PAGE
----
"You haven't a clue as to what you're talking about, Laurel, so perhaps you should stop now while you're ahead."
"What did you say to me, you-"
"Okay. Well now that we all know the play was a success, what do you all say to some dinner?" Part of me was glad Michael had intervened, but part of me still wanted to clobber that pompous ass that Troy was.
"Sounds good." Caden looked over at me, her eyes pleading with me. I glared at her. Why didn't she tell her date to shut his trap. I didn't understand it. So I shut my mouth, and just avoided the creep. At least it was Caden who had to deal with him. I sure as hell wasn't about to.
The medical team left Caden's room, leaving us alone. I set the dog on the bedside table, looking at my friend, my eyes stinging as I took in the tubes sticking out of her chest, coming up out of the blanket, running along over the bed, and plugged into a strange looking machine that whirred and clicked. Caden looked like a monster, hoses and tubes connected to her in so many places on her body.
"Oh, Caden." I breathed, sitting next to her, taking her hand. "I can't believe this is happening to you. Please wake up. I would do anything to see those beautiful blue eyes of yours again." She was far too young for this. I wanted to gather her up in my arms, and take off, running down the hall, out the front door, and take her back home to have her wake up in her own bed. Quite the dream.
I gently rubbed her hand, listening as the machine did its job.
"So how is she?" I turned to see Margaret walking into the doorway, looking beautiful as ever, impeccably dressed, not a hair out of place.
"Fine, I guess. They were hooking her up to radiation therapy when I got here."
"Yes, I signed the release forms yesterday." She sat in the chair on the opposite side of the bed, crossing her legs, making sure the slacks she wore were not wrinkled, running her thumb and index finger along the crease. "I won't be staying for long," she ran her heavily ringed fingers over her hair, patting it in places. "I have lunch plans today."
"Well, should be fun." I tried to keep the bitterness out of my voice. How dare she make lunch plans when her daughter laid in a coma in the hospital! I figured it was for the best; any amount of time spent with that woman would likely bring a murder charge against me.
"I made the arrangements so long ago, I just hate to break a date." She readjusted the handbag on her lap nervously. "Laurel?" I glanced at her. She looked at the floor, then at her hands, then finally at me. "Thank you. I'm sure it means a great deal to Caden that you're here." I stared, stunned.
"Well," with that, she stood and headed for the door. "I should be back in tomorrow. You know where to call should there be any change." Without another glance at me, she was gone.
"She's one strange lady, Caden."
I paced back and forth in Caden's bedroom, my hands fisted at my sides, my tempter just under explode mode. Caden sat on her bed, watching me, back and forth, back and forth. It was almost comical, as if she were watching a tennis match. But I was in no mood to laugh.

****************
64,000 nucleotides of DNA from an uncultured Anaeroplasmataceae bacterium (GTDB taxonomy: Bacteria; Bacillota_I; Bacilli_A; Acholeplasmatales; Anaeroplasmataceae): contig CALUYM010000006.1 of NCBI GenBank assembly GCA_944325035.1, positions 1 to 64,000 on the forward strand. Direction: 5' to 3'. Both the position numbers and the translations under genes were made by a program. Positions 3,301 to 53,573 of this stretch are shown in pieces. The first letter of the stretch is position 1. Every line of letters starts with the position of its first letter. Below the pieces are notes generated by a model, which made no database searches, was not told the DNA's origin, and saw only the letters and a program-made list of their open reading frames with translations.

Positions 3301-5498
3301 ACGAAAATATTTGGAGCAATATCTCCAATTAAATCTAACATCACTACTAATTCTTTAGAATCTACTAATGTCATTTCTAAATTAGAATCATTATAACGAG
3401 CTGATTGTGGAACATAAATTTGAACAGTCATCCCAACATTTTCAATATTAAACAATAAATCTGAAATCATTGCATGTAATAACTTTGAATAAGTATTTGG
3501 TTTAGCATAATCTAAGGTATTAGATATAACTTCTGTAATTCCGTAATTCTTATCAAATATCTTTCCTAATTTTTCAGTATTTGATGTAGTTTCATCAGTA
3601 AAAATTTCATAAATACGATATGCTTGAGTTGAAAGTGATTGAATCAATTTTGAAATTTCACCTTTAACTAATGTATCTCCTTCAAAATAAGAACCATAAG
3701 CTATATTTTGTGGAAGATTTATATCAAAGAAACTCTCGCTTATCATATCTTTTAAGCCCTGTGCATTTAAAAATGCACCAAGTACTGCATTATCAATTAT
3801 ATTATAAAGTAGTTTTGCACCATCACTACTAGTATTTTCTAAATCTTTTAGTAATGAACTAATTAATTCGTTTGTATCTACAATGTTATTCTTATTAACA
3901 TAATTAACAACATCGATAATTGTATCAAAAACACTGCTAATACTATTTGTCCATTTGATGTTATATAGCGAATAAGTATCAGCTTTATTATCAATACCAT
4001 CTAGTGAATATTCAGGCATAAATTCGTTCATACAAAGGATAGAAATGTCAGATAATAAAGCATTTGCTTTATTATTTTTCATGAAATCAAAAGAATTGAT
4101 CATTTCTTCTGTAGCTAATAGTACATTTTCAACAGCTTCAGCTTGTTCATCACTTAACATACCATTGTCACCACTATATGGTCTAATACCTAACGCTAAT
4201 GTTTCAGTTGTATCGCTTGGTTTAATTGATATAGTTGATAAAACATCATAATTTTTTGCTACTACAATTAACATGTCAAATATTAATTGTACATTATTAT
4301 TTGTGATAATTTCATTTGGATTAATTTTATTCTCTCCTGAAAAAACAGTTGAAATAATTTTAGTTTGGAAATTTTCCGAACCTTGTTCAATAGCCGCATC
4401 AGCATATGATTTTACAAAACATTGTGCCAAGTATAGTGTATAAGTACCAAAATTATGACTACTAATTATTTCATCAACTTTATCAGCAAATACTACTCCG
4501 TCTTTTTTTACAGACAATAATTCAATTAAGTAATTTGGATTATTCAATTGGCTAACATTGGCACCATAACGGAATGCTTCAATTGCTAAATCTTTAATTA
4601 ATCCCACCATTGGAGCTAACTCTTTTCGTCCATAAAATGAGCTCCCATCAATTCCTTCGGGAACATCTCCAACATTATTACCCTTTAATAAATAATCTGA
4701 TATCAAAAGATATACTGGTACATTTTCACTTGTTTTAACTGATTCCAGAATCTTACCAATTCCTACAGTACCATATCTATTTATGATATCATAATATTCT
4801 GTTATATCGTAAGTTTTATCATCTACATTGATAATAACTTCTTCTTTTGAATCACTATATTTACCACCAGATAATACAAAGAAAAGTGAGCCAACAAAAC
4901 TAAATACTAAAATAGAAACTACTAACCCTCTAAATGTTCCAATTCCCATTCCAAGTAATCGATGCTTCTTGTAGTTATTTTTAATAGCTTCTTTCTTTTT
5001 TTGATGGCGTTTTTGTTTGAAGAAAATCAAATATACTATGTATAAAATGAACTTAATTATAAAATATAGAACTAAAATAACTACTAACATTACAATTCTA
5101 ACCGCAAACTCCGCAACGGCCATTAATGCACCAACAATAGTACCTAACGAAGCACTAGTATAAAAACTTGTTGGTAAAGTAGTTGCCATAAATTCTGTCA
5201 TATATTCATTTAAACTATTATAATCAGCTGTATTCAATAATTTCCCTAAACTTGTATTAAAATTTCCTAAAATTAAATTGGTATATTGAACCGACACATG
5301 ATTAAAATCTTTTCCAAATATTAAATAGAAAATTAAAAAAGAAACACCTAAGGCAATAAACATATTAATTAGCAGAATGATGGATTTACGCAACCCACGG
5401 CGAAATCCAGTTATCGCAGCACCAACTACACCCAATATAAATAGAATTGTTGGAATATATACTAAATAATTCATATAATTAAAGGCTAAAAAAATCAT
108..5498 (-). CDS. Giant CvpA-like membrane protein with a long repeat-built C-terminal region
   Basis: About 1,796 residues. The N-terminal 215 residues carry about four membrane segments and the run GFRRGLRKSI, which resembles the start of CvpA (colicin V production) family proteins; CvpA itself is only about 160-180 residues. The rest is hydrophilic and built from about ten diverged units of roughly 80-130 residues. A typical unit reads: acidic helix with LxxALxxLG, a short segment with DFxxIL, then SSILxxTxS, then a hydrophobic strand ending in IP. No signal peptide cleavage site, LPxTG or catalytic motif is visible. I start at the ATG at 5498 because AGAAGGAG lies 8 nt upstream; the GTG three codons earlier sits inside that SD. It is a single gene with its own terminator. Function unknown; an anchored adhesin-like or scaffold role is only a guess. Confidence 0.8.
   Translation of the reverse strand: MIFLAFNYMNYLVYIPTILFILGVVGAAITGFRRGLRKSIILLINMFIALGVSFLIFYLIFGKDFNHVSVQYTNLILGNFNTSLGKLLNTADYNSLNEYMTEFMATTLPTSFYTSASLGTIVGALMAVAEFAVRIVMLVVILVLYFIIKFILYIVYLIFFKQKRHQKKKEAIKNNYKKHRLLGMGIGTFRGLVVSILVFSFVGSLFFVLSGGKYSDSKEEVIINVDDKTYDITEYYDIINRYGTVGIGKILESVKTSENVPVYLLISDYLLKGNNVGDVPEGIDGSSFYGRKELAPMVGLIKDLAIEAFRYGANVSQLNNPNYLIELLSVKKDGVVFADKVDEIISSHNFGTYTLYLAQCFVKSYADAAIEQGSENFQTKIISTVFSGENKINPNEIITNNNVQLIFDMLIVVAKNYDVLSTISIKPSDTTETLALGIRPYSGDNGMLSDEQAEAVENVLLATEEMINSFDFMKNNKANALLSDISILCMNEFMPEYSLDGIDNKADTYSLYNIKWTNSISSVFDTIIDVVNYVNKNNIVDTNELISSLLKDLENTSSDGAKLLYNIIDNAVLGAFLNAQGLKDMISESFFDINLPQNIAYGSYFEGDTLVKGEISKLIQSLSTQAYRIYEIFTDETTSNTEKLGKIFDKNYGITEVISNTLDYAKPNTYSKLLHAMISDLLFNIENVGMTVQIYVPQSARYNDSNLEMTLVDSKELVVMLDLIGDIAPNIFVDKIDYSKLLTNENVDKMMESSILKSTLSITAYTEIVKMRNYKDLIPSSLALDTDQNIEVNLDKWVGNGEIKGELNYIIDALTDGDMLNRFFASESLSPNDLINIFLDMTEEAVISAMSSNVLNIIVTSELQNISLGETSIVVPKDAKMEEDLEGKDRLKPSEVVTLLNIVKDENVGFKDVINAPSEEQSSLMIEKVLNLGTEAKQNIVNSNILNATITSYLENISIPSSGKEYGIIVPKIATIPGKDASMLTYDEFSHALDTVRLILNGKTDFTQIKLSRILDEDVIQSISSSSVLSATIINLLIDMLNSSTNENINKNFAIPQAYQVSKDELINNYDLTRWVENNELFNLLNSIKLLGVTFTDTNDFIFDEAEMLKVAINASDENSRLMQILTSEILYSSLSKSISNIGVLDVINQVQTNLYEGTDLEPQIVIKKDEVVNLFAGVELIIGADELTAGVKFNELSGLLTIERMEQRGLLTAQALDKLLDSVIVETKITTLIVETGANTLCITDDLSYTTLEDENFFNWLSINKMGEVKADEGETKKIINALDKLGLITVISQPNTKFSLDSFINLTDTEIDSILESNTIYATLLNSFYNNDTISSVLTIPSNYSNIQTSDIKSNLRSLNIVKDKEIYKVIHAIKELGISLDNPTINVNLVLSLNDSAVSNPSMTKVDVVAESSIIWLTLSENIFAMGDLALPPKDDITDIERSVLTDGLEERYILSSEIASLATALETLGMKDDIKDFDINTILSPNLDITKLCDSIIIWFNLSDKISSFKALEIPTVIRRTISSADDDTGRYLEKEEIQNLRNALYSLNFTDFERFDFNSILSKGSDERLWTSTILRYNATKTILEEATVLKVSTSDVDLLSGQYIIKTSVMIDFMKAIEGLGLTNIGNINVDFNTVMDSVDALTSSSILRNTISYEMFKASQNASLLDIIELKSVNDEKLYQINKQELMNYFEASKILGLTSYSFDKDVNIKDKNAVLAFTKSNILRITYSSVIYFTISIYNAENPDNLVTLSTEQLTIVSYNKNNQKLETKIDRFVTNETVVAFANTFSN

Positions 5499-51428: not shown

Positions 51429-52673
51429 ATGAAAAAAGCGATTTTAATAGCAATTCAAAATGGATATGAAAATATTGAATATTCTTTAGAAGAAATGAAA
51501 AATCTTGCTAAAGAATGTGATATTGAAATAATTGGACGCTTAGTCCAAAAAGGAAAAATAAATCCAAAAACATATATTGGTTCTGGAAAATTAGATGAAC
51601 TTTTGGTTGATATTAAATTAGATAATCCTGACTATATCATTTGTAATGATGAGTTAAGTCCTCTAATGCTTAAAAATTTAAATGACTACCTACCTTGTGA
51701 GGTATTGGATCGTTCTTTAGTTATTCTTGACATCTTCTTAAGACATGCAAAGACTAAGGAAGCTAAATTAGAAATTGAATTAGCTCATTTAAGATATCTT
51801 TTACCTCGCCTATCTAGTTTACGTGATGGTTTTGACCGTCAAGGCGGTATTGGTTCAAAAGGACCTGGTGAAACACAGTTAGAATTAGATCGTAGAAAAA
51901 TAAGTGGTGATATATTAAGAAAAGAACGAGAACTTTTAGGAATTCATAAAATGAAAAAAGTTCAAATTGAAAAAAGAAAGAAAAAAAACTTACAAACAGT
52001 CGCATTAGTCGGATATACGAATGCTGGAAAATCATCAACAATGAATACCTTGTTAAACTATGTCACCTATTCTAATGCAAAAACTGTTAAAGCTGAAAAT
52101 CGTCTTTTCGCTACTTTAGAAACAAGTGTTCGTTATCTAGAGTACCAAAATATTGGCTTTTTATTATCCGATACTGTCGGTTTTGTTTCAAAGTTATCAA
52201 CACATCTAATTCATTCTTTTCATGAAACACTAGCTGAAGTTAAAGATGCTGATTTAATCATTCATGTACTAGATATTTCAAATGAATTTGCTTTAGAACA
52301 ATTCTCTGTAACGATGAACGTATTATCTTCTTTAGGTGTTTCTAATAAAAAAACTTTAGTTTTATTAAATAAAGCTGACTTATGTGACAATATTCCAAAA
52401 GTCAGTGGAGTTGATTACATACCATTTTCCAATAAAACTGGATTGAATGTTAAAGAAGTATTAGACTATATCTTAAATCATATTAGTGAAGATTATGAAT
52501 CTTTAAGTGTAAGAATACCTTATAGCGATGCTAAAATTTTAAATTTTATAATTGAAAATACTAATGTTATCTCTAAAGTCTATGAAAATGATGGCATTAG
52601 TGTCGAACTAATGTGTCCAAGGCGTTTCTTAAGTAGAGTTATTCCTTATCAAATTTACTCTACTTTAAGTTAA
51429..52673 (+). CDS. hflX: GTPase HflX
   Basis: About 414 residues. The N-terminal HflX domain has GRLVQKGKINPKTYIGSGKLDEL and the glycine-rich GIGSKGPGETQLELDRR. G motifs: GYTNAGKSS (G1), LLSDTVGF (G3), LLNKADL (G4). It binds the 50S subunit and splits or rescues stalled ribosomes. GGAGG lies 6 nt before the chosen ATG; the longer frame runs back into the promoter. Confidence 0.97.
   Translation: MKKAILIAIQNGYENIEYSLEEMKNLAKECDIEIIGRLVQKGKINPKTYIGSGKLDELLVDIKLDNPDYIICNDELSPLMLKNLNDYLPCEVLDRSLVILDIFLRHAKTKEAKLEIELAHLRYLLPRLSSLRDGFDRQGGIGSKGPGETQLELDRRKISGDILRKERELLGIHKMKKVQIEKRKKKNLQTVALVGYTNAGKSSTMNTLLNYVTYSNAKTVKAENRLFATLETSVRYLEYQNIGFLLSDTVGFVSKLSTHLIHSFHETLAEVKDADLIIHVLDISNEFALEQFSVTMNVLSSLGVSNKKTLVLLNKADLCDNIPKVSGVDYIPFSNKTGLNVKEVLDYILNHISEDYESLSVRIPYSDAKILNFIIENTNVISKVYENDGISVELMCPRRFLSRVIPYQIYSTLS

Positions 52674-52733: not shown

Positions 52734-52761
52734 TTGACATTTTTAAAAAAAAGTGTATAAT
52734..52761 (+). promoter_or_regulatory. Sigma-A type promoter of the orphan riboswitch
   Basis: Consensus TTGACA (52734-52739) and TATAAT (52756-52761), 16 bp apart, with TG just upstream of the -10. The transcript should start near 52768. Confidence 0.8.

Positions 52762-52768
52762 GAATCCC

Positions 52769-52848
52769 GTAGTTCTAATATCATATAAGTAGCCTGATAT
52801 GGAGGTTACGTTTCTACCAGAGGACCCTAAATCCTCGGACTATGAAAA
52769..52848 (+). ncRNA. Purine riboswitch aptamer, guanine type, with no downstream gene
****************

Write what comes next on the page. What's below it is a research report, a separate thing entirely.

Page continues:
"Laurel, it really wasn't that big of a deal." Her voice was small, timid. I clenched my jaw, stopping only long enough to look at her before I continued my path of rage.
"Not a big deal? That guy has no respect for women, Caden! And he sure as hell has no respect for you!" I walked over to her, kneeling in front of her, taking her hands in my own. "Caden, listen, that guy almost crossed a line tonight that you just don't cross." I looked at her with pleading eyes.
"He stopped." She said weakly.
"Yeah, but after how much pleading from you? Why did you leave me and Michael?"
She shrugged. "I don't know. I trusted him. I really didn't think he'd try anything." She lowered her head, her chin nearly touching her chest.
"Why don't you just get rid of the bastard?"
"My parents like him."
"Caden! Are you okay?" Michael burst into the room, hurrying over to the bed, taking his sister into his arms. "Did he hurt you? Are you alright?"
Watching brother console sister, I decided to take matters into my own hands. I knew Troy was staying in the guest house, not wanting to drive home after all he'd drank, I ran from the room, my mind narrow, only thinking of one thing.
The night air was warm and sticky as I ran across the expansive yard, the lights of the small bungalow coming into view. Breathing hard, I finally reached the place, bringing my fist up to bang on the hard door, not caring about the pain that shot up my hand.
"Open up, you son of a bitch!" the door swung open, and Troy stood there, blocking most of the light with his large frame. He stood in just the pants he'd been wearing, his chest and feet bare.
"Yes?" he looked down at me, irritation marking his voice.
"Why don't you pick on someone your own size, you bustard! I'm going to tell you something, you piece of shit. Your family name, your money, your lineage means shit to me, and so do you. You got that? So I have nothing to lose, here." I took a step closer, my face nearly kissing his neck. I looked up into his hard eyes, so filled with contempt for me. "You ever touch Caden like that again without her consent, I'll cut your fucking dick off. You got it?" he grinned, his handsome face contorting into a picture of disgust.
"Who are you to tell me anything, you white trash little bitch. The only reason Caden has a thing to do with you is because she feels sorry for you, and her brother just wants a good piece of ass." His smirk widened with my intake of breath. "Your kind is usually pretty easy."